In a recent blog post I looked at a number of impacts that may be experienced by Canadian business owners should recent tax proposals become law. Many of these are more germane to long-term tax planning, however, one of them may have very immediate consequences. In the case where a business owner passes away or has recently passed away, the estate and executors will likely face immediate issues—and the potential for double taxation. Read more
Tag Archive for Double Taxation
The USA is almost unique in taxing U.S. citizens even when they live abroad. This means that expats who earn over $10,000 ($10,300 for 2016, to be precise, or just $400 of self-employment income) are required to file a U.S. federal tax return, regardless of where their income originates, or whether they are also paying taxes elsewhere.
While expats still have to pay any U.S. tax they may owe by April 15th, they have until June 15th to file, with a further extension available on request to October 15th. Read more
Retiring abroad is more popular than ever, thanks to perceptions of a better quality of life, more affordable health care, and a warmer climate.
Americans living abroad earning over $10,000 a year (or just $400 of self-employment income) are still required to file a U.S. tax return though, declaring their world wide income. This includes expats who have retired or settled permanently abroad. Read more
American citizens and green card holders, including people who have the right to U.S. citizenship, are required to file a federal income tax return each year declaring their worldwide income, wherever in the world they live. They may also have to pay U.S. taxes.
One of the fundamentally important tax concepts for U.S. expats to know is that the U.S. tax system has built-in mechanisms for preventing the “double taxation” of your income (i.e., tax in both your new host country and in the United States). These mechanisms provide a measure of relief for U.S. expats who remain subject to U.S. taxation, despite living and working abroad.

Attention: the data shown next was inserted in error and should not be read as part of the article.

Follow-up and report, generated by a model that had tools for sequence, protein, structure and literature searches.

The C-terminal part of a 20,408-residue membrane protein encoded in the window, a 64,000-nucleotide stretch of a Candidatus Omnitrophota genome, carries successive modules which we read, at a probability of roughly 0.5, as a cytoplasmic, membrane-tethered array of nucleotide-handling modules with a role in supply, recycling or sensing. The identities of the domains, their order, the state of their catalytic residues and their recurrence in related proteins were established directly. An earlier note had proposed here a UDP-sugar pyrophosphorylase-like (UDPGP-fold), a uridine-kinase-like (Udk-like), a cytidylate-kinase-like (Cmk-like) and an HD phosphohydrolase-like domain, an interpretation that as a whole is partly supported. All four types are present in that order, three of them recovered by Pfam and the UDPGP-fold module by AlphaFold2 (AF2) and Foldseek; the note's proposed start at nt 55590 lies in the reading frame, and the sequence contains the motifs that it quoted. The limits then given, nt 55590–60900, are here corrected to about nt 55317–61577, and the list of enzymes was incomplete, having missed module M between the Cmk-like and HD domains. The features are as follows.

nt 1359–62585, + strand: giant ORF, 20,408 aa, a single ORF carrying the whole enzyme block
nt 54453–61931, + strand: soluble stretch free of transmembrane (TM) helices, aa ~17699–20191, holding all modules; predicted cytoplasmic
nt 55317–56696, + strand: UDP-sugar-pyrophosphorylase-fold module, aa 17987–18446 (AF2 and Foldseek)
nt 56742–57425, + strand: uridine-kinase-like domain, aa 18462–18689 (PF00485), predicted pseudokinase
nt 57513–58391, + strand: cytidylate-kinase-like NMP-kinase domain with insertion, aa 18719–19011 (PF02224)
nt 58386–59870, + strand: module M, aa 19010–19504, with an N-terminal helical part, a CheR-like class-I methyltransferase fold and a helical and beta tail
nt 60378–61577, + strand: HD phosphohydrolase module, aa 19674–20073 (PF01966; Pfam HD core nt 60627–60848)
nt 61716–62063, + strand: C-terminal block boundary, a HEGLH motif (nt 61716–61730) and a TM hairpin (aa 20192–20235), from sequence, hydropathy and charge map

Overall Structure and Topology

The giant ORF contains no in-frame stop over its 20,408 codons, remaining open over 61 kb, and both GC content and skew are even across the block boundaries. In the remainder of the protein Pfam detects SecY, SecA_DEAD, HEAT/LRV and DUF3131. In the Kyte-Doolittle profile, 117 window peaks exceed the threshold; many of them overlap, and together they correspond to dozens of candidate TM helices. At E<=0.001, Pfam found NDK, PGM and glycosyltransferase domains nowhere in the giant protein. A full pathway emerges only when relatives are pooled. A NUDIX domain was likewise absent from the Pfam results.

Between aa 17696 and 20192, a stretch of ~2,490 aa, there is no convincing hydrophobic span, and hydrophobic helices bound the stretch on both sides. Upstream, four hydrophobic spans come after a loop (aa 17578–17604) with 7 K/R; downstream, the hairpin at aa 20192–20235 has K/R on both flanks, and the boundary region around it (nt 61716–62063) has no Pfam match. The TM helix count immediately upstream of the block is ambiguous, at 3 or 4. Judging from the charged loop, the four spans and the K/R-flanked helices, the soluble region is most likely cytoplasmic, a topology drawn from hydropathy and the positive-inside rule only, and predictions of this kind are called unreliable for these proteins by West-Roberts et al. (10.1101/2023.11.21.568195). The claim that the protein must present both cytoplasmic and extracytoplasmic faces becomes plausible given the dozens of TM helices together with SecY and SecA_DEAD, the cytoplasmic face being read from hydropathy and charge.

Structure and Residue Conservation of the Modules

I wrote a post on August 7, 2016 which discussed the August 5, 2016 decision of the United States Court of Appeals – District of Columbia Circuits in the Esher case. In this case, Justice Millet ruled that:
That extreme reading of the Totalization Agreement rests on nothing more than the Commissioner’s own say-so. It lacks any grounding in the Agreement’s text or in any principle governing the interpretation of international agreements. The tax court’s corresponding disregard of the Totalization Agreement’s textual direction concerning the role of French law in resolving undefined terms and in determining the content of the laws enumerated in Article 2(1)(b) was error and requires reversal.
On July 12, the U.S. Treasury released its 2016 Model Tax Treaty. I suspect that people will interpret this in terms of how it affects their individual tax situations. This gives a huge clue with respect to information exchange and how the U.S. views “double taxation,” citizenship-based taxation, and related issues.
Have You Thought About Being Taxed In The United States And Yemen, Too? Double Trouble International Taxation
U.S. citizens and residents are taxed on their income from all sources worldwide. Worldwide taxation by the U.S. does not disarm the taxing power of other countries. Americans pursuing income outside of the U.S. are bound to encounter tax collectors asserting their own national claims. The world is awash in possibilities of double taxation. Below is a hypothetical illustrating international double taxation and its main cause: inconsistent sourcing rules in different countries imposing overlapping taxes.
A CONTRACT IN YEMEN
John is a lawyer who practices in NYC. One day, he gets a call from Ali, a client in Yemen. Ali asks John to do some research on a question and to send his findings in the form of a memorandum. John goes ahead and does the work, consisting of some research and some writing, which takes twenty hours of his time.
John’s final product is a memorandum, which he sends to Ali, along with a bill for $ 4,000 reflecting his hourly rate of $ 200. A check for $ 4,000 arrives by return mail and John gives the matter little further thought.
At the end of the year, John receives an official-looking letter from the Treasury of Yemen, adorned with a seal and crests, asking him to pay $ 2,000 in income tax to the Yemeni Treasury with respect to his $4,000 of Yemen-source income. The letter explains that the rate of Yemeni income tax on the Yemen-source income of foreigners from professional services is 50%. Read more